Digital Transitions When Pastors Change

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In our modern digital world, pastors and congregations have more things than ever to consider when facing a pastoral transition. Will Rice explains how with a little planning, websites, emails, data storage, and other digital platforms can be maintained with integrity through the change of clergy leadership.


Comings and goings in a digital age can be a complex affair. Some upfront work and planning can save hours of frustration later.

Websites

Websites are the new digital front door for a congregation. Unfortunately, they are often ignored during a transition. Sometimes this leads to extended periods of neglect and lack of updated information. Worse, sometimes access to the site gets lost, and we find ourselves searching for usernames and passwords.

Compile all information regarding access to the website. Even if this is handled by staff or a volunteer, this is an appropriate time to secure this information. Information should include:

  • Website address
  • Website host name and contact information
  • Website host administrator login credentials
  • Domain host name and contact information (if different from website host)
  • Domain host administrator login credentials
  • Name(s) and contact information for anyone authorized to edit, manage, or update the website.

And be sure to create a plan and timeline to update the pastor’s information to reflect the incoming pastor.

During this time of transition, it is important to secure access to all social media accounts and create a plan and timeline to announce the new pastor via social media.

Email

It is impossible to cover every possible email scenario. Many churches leave the pastor’s email up to the pastor. Some pastors use Gmail or Yahoo accounts. Others use their denominational email account. Some churches have their own domain. Here are some best practices to consider:

  • The departing pastor should consider discontinuing the use of the email account used for church business. An autoresponder should be placed on the account notifying senders of the change and offering contact information for the church and forwarding information for the pastor.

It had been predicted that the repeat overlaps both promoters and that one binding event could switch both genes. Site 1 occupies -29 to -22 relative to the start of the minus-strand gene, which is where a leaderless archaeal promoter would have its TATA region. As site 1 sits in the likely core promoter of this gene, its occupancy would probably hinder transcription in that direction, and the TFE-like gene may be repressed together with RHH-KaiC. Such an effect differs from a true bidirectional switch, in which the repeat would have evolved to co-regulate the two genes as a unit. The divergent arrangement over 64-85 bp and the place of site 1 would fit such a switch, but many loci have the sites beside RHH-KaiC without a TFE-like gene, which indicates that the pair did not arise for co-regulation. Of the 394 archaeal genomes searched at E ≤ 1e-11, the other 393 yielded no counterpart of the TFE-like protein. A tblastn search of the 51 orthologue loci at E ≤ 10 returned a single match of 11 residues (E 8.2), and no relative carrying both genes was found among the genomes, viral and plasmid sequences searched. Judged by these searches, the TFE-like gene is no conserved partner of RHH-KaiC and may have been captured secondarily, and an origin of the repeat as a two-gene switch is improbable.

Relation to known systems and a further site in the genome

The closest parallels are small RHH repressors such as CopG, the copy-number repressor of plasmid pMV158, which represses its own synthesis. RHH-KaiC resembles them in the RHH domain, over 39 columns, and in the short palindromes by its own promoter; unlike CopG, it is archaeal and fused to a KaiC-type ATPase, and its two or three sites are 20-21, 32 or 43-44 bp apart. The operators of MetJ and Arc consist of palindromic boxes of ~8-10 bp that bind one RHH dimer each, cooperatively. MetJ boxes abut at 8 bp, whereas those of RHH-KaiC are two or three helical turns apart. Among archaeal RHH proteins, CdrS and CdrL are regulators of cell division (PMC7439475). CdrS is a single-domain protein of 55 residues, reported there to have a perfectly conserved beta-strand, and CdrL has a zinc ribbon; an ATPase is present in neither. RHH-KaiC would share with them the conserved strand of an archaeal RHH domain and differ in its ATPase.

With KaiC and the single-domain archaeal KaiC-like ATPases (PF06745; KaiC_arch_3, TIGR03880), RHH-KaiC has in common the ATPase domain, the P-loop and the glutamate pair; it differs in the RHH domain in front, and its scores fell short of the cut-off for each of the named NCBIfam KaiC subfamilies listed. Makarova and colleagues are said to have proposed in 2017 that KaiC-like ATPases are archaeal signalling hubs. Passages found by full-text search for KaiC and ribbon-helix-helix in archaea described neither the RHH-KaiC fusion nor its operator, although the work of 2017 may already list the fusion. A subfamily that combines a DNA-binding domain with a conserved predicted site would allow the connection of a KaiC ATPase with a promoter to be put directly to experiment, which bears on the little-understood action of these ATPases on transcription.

• The incoming pastor should not be expected to use the email address of the departing pastor. This leads to confusion and too much extra work for the incoming pastor.
  • Churches with Exchange Servers, Office 365 accounts, or Google for Non-Profits accounts should 1) assist the outgoing pastor with closing their account and enabling an auto-responder, 2) set up a new account for the incoming pastor before she or he arrives, and 3) ensure that the administrator user name and password are on file with the appropriate church officer.

This may be a time to consider moving to a free Google for Non-Profits account that will allow the pastor, staff, and leadership to have consistent, secure email addresses tied to your own domain.

Databases and Church Management Systems

Many churches now use electronic databases to track membership, attendance, and other aspects of congregational life. Some of these systems are simple Excel spreadsheets while other churches use more complex programs. Maintaining the security and integrity of these databases is essential. A pastoral transition is a time to ensure this information is accessible to the appropriate people.

Compile all information regarding the church management system. Even if this is handled by staff or a volunteer, secure this information.

  • Name of software or platform
  • Company contact and support contact for software or platform
  • Administrator login credentials
  • Name(s) and contact information for anyone authorized to access database.

Social Media

Most congregations now have some level of social media presence. During this time of transition, it is important to secure access to all social media accounts. Social media platforms regularly used by churches may include: Facebook, Twitter, Instagram, Google+, Flickr, YouTube, and others.

Compile all information regarding all church social media accounts. Even if this is handled by staff or a volunteer, secure this information.

  • A list of all active and inactive social media accounts.
  • User names and passwords for all church social media accounts.
  • Name(s) and contact information for anyone authorized to edit, manage, or update social media account.

Facebook Pages and Groups do not have their own login information. Instead they are linked to one or more Facebook users. Churches should determine who has access to these pages and groups and assist in ensuring uninterrupted access.

Also create a plan and timeline to announce the new pastor via social media. The new pastor’s arrival provides an excellent opportunity to do a social media audit to make sure these platforms are being used appropriately and effectively.

Other Things to Consider

The same basic auditing procedures can be applied to nearly any digital tool. Some other tools used in churches include:

  • Bulk email services like Constant Contact or MailChimp
  • Subscription stock photography sites like Shutterstock
  • Subscription based software like Adobe or Microsoft
  • Text-messaging services EZ Texting or Flocknote
  • Audio or video hosting websites such as Sermon Cloud or Vimeo
  • Live Steaming services like churchstreaming.tv or Ustream
  • Online giving platforms like Vanco, PayPal, Kindred, or Tithe.ly

This material is adapted from “A Guide to Comings and Goings in a Digital Age” issued by the Rio Texas Annual Conference of the United Methodist Church and used by permission.

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About Author

Photo of Will Rice

Will Rice is director of communications and media support for the Rio Texas Conference of the United Methodist Church.


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